E-cards: I delete them all unopened … You?

Send me an e-mail and chances are you'll get a reply. … Send me an e-card, however, and don't hold your breath.

I don't open them — ever — and if an unscientific survey of my colleagues is any indication, I am far from alone in this delete-on-sight detachment from these ubiquitous electronic annoyances. A few co-workers open e-cards selectively if not gingerly; most do not at all.

The matter percolated to the surface recently when Symantec released its latest "State of Spam" report that included this nugget: "Greeting card spam remains a spammer favorite. Symantec saw over 250 million of these spam messages being targeted towards a sample set of customers in July."

Seems as though at least two or three a day make it by our spam filters. (No word of a lie: Three have popped into my inbox since I've begun been writing this item.) … Delete, delete … delete. Not so much as a moment's thought.

One reason that I've unilaterally stopped opening them is that I receive so many that are obviously spam that I do not consider it worth my time to attempt to differentiate between those that are spam and the one in 100 that might actually be from someone I know. The cost simply outweighs the benefit.

And I reach this state knowing that it carries a small risk, too, as a colleague just mentioned that he recently deleted without thought an e-card that carried a legitimate invitation and the party so ignored expressed a degree of pique over the perceived slight.

Tough petunias, I say; use a form of communication that doesn't require the recipient to play detective before opening.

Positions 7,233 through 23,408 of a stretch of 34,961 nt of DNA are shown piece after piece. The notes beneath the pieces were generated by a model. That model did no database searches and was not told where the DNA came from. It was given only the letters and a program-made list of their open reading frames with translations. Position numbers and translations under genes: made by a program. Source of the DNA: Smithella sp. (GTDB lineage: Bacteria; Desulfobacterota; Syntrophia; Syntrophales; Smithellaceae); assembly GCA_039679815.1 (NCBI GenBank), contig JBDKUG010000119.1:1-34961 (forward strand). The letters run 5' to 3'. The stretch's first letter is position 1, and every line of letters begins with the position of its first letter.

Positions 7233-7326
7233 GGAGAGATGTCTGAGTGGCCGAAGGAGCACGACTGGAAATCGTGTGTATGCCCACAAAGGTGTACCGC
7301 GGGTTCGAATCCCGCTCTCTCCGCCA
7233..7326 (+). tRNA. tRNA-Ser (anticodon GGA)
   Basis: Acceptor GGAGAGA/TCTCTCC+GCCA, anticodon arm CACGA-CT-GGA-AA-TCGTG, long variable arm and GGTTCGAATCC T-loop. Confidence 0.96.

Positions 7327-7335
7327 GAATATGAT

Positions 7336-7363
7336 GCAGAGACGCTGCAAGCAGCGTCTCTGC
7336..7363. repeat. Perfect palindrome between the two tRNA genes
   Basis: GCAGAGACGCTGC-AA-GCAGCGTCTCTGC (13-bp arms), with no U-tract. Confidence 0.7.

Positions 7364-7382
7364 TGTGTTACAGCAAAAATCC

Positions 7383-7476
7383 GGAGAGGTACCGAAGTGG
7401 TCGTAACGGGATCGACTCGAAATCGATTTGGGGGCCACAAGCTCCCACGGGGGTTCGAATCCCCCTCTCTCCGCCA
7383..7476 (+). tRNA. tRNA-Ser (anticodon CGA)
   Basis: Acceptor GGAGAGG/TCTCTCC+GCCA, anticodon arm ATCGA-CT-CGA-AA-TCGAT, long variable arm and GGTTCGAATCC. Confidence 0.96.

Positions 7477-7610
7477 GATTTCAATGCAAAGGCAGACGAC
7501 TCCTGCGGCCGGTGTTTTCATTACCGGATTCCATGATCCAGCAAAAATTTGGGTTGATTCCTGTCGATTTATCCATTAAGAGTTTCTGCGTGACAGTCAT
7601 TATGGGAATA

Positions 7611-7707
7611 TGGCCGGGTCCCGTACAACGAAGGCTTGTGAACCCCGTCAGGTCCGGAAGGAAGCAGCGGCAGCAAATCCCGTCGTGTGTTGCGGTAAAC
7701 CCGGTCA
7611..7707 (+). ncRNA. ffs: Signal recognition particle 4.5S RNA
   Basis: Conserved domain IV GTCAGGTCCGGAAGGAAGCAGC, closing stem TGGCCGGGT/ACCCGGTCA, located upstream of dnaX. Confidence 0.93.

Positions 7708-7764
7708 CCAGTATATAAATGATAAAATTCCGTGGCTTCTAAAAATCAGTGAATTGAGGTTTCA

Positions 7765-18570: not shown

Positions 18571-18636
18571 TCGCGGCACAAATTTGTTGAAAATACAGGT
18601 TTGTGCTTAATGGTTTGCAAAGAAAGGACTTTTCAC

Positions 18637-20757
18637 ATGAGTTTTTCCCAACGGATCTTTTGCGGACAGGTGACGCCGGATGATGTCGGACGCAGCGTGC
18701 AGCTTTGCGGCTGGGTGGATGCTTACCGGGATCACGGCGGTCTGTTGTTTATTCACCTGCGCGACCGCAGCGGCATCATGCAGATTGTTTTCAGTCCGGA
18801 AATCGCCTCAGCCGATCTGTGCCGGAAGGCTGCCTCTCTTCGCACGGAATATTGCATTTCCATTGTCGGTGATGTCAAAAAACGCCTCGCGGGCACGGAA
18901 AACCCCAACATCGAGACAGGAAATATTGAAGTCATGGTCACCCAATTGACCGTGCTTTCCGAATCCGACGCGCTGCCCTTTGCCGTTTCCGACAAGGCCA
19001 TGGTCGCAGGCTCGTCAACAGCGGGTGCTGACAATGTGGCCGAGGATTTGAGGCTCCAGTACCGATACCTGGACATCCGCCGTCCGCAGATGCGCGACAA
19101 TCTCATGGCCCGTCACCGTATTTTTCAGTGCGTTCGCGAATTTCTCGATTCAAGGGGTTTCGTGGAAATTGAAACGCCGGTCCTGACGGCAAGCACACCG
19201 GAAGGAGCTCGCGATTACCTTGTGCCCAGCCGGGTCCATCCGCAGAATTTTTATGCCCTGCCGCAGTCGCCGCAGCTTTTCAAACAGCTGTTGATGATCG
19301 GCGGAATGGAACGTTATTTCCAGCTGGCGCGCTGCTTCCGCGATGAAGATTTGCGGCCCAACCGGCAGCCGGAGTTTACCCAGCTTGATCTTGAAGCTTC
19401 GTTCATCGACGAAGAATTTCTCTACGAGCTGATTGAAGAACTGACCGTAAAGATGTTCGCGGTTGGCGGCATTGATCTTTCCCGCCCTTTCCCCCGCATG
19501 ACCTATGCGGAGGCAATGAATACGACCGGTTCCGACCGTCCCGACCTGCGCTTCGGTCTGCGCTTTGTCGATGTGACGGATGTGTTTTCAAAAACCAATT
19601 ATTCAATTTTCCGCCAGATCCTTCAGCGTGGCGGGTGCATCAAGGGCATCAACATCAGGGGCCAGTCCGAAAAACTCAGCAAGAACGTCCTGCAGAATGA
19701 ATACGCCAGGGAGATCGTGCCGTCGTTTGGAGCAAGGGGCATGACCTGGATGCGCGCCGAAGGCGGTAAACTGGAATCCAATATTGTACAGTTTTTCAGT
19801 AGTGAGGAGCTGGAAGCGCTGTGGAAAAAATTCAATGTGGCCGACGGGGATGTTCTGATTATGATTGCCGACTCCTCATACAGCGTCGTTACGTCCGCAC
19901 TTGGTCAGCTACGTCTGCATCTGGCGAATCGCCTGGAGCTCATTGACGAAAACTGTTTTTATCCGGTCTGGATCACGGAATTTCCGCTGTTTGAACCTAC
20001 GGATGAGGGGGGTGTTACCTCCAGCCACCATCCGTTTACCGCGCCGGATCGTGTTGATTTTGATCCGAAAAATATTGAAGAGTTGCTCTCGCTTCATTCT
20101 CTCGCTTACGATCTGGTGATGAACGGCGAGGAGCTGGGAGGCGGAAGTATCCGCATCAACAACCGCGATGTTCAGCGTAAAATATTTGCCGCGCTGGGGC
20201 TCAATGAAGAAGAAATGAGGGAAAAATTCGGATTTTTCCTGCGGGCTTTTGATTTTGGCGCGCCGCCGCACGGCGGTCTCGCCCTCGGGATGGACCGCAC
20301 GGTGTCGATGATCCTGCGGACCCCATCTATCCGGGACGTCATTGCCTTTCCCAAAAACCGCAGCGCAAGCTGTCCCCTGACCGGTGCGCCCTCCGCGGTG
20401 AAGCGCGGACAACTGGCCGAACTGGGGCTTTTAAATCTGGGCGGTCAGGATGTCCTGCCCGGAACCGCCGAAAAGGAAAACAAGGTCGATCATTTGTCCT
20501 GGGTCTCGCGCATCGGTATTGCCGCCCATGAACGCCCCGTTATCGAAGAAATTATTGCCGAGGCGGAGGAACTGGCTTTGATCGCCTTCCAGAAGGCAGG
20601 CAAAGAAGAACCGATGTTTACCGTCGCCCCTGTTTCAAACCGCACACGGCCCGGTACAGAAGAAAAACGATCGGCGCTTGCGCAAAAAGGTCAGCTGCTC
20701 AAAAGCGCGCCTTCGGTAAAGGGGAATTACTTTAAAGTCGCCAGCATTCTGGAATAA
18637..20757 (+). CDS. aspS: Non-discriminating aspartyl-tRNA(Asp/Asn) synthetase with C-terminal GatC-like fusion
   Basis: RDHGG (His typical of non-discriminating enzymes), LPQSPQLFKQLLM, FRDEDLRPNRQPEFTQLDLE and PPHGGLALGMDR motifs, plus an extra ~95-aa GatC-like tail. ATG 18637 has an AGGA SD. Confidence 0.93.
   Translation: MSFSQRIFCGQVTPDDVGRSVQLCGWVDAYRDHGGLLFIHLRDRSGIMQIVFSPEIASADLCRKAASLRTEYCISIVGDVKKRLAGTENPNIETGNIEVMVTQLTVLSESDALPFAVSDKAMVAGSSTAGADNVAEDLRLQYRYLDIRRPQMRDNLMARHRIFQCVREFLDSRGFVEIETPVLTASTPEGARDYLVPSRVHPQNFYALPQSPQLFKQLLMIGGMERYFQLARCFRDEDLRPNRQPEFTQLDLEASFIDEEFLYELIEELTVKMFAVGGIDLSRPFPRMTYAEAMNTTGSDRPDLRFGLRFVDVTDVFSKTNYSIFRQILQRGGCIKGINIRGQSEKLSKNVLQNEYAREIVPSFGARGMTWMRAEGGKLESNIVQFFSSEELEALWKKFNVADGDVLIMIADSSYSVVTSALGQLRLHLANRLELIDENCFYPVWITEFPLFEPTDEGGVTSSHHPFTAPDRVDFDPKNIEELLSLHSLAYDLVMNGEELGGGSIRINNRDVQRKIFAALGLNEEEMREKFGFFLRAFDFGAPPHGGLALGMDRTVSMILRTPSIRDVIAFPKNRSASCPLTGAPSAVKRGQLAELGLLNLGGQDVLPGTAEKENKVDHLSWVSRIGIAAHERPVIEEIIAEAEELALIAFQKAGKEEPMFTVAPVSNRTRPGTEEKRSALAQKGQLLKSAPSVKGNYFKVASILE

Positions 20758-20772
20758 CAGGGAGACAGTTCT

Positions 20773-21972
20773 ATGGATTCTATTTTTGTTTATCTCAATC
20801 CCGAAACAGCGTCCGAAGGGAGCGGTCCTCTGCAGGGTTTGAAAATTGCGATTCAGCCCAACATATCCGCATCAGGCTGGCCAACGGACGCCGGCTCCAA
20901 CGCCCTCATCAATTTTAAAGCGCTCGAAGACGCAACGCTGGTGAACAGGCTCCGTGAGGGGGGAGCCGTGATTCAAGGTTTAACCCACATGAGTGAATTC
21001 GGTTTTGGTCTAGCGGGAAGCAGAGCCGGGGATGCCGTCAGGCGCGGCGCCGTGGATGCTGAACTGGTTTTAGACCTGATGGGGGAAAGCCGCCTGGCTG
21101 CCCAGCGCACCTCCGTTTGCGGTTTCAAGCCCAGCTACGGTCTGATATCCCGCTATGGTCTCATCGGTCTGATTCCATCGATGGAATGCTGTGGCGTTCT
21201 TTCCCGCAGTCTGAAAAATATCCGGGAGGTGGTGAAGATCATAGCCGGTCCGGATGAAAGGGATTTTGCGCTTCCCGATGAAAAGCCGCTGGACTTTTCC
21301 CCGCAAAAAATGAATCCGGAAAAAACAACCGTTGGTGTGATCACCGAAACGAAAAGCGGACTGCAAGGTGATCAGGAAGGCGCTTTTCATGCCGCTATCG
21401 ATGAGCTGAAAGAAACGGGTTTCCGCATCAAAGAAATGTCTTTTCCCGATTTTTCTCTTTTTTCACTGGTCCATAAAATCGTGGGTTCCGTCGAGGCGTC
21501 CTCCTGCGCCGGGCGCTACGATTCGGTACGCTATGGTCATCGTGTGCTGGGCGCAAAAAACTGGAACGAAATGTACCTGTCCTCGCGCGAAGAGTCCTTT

Frankly, it's a wonder anybody opens these things given the prevalence of headlines such as these, culled from just the first page of results on Google News for a search on "e-cards": Not quite a Hallmark moment: E-cards sent by identity thieves; Fake e-cards signal massive DDoS attack; New Computer Scam Involves Bogus E-Cards; and, E-Cards Deliver New Internet Danger.

I sent e-mail inquiries to a half-dozen companies that market e-cards — including Hallmark and Yahoo — asking for comment about the impact spam and virus threats are having on their e-card customers and e-card franchises.

Haven't heard a word in reply. … Perhaps they didn't dare open my e-mail.

If you have something to say about it or would like to vote in our "Do you open E-cards?" poll, visit buzzblog here.

Verizon fights fire with a smokescreen

What started with a minor fire at home in Needham, Mass., on Aug. 8 last week careened into a full-scale donnybrook between Buzz and Verizon, whose service technician started the whole thing by drilling into an electrical main. We had Verizon PR people posting to Buzzblog and denying there was any fire … or even smoke. We had fire officials calling Verizon all wet and an eye-witnesses describing "billowing smoke." We even had a Verizon VP using a company blog to accuse little ol' me of trying to "take down" the multibillion-dollar telecommunications behemoth.

Can't remember the last time I got paid for having so much fun. If you'd like to catch up on the details and weigh in, try this Buzzblog item and start bouncing around the links.

Or fire off an e-mail to buzz@nww.com.

Learn more about this topic

Symantec: Adult spam down, image spam climbs

03/09/07

Spam outbreak hits 5 billion messages

06/20/07

Spam spikes wreak havoc

06/04/07

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